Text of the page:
California is on its way, and the Midwest, the Northeast Corridor, and Texas all have plans of their own.
The discussion of high-speed rail in the United States has been so focused on the California bullet train that some people may be surprised to learn it's not the only proposal in the mix. Less advanced but no less ambitious plans exist for fast trains in the Midwest, Texas, and the Northeast Corridor.
With work on the California line finally underway, it seems fitting to check in on the three other projects.
Courtesy of the University of Illinois High Speed Rail Study
Late last month, the University of Illinois at Urbana-Champaign (working with the Illinois Department of Transportation, among others) released a preliminary study of a possible Midwest high-speed rail line that would link Chicago with Indianapolis or St. Louis — or perhaps both. The report concluded that such a project is indeed feasible and would "provide safe, modern, sustainable transportation for future generations."
The new report offers a range of cost figures for a 220 mph service capable of connecting Chicago's Union Station with either St. Louis or Indianapolis in about 2 hours. For the full build, stretching to all three major Midwest cities, the cost could reach as high as $50 billion, and would certainly require public or private money to cover construction costs. But with a possible 14.5 million riders by 2035, the study also predicts that fares would cover daily operations.
Recent Amtrak figures speak to the potential of enhanced rail in this Midwest corridor. Ridership on the Lincoln service that connects Chicago and St. Louis carried more than 655,000 passengers in fiscal 2013 — nearly a 10 percent jump from the previous year, the largest jump of any Amtrak route in the country [PDF]. The big question would be what to call the new service: no one's going to name a bullet train after Lincoln.
Believe it or not, there's a private rail company in Texas that thinks it can complete a high-speed rail line in that state even before the California route gets going. The Texas Central Railway says it expects to complete an environmental study on a bullet service connecting Dallas to Houston by the end of the year — complete with station locations. Company officials say 200 mph trains (the same as those used on the Tokaido Shinkansen in Japan) could start carrying passengers as early as 2020.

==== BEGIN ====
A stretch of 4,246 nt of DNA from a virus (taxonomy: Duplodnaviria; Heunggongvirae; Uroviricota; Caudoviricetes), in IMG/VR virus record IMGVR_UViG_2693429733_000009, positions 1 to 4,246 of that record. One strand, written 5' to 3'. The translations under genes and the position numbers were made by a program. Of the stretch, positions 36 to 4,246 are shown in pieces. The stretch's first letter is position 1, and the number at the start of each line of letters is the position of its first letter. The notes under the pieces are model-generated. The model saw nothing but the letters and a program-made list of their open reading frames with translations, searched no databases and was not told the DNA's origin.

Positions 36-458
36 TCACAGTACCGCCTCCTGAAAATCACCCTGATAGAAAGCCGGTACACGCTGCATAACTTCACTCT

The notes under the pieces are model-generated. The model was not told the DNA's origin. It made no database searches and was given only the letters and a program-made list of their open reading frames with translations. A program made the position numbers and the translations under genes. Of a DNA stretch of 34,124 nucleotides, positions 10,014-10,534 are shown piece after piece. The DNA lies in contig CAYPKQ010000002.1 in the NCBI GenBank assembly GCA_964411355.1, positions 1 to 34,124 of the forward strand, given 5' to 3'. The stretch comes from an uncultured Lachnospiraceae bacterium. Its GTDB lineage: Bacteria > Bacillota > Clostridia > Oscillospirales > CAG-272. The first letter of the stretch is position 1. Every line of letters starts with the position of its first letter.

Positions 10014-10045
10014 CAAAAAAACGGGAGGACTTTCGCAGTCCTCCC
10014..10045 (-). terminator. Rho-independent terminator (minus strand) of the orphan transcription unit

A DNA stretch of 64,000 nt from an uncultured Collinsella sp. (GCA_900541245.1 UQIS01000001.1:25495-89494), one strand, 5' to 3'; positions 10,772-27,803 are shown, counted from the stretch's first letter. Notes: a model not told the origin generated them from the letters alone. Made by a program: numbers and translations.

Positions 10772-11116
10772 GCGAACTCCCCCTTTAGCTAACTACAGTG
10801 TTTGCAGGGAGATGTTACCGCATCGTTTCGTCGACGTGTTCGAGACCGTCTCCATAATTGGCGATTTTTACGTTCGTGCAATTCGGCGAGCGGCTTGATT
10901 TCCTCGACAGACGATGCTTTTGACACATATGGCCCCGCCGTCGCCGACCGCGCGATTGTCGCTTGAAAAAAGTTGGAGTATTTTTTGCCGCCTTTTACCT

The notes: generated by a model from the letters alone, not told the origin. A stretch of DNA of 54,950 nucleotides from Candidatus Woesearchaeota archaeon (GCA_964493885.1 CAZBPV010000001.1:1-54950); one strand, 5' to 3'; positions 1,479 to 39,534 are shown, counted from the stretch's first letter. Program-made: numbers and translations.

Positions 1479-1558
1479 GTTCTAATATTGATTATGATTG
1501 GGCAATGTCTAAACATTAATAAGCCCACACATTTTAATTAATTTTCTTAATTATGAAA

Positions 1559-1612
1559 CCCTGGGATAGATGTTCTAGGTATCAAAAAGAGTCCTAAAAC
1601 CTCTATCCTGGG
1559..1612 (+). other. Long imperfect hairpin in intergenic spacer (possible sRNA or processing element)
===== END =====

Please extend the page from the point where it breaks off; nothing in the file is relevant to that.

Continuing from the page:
Of course, there are quite a few questions to answer between now and then. Texas Central bills its service as a cheap, convenient, and even luxurious alternative to air travel. That might not go over well with Southwest Airlines, which holds a lot of weight in the region, and has scuttled fast train plans in the past. Reports suggest that local officials from places like Arlington and Fort Worth may also oppose any service that doesn't stop in their towns.
Those straggles aside, the Texas Central plan seems to be gaining momentum. The company claims the Central Japan Railway Company as a likely investor in the project (early estimates stand around $10 billion). To that end, it's secured the consulting services of J. Thomas Schieffer, former U.S. ambassador to Japan. Last but not least, the Texas Department of Transportation, which has conducted its own high-speed studies, has said it will step aside if private interests move forward.
Amtrak released its vision for high-speed rail in the Northeast Corridor in 2012 [PDF], and a spokesman confirms that's still the latest plan out there. Much of the news concerning that proposal focused on the whopping $151 billion price tag, but the country's most popular rail corridor would certainly get something for its money. If Amtrak achieved its goal, travelers could expect to reach Washington or Boston from New York in just 90 minutes by 2040.
Ultimately, Amtrak would like to establish several tiers of train service in the corridor: with express and super express trains joining the regular regions. (The Japanese naming influence here is quite clear.) Amtrak ridership has thrived in the Washington-Boston corridor in recent years, with trains now preferred to air travel in the region. Despite its popularity, service in the Northeast Corridor will eventually plateau if it doesn't make a high-speed transformation.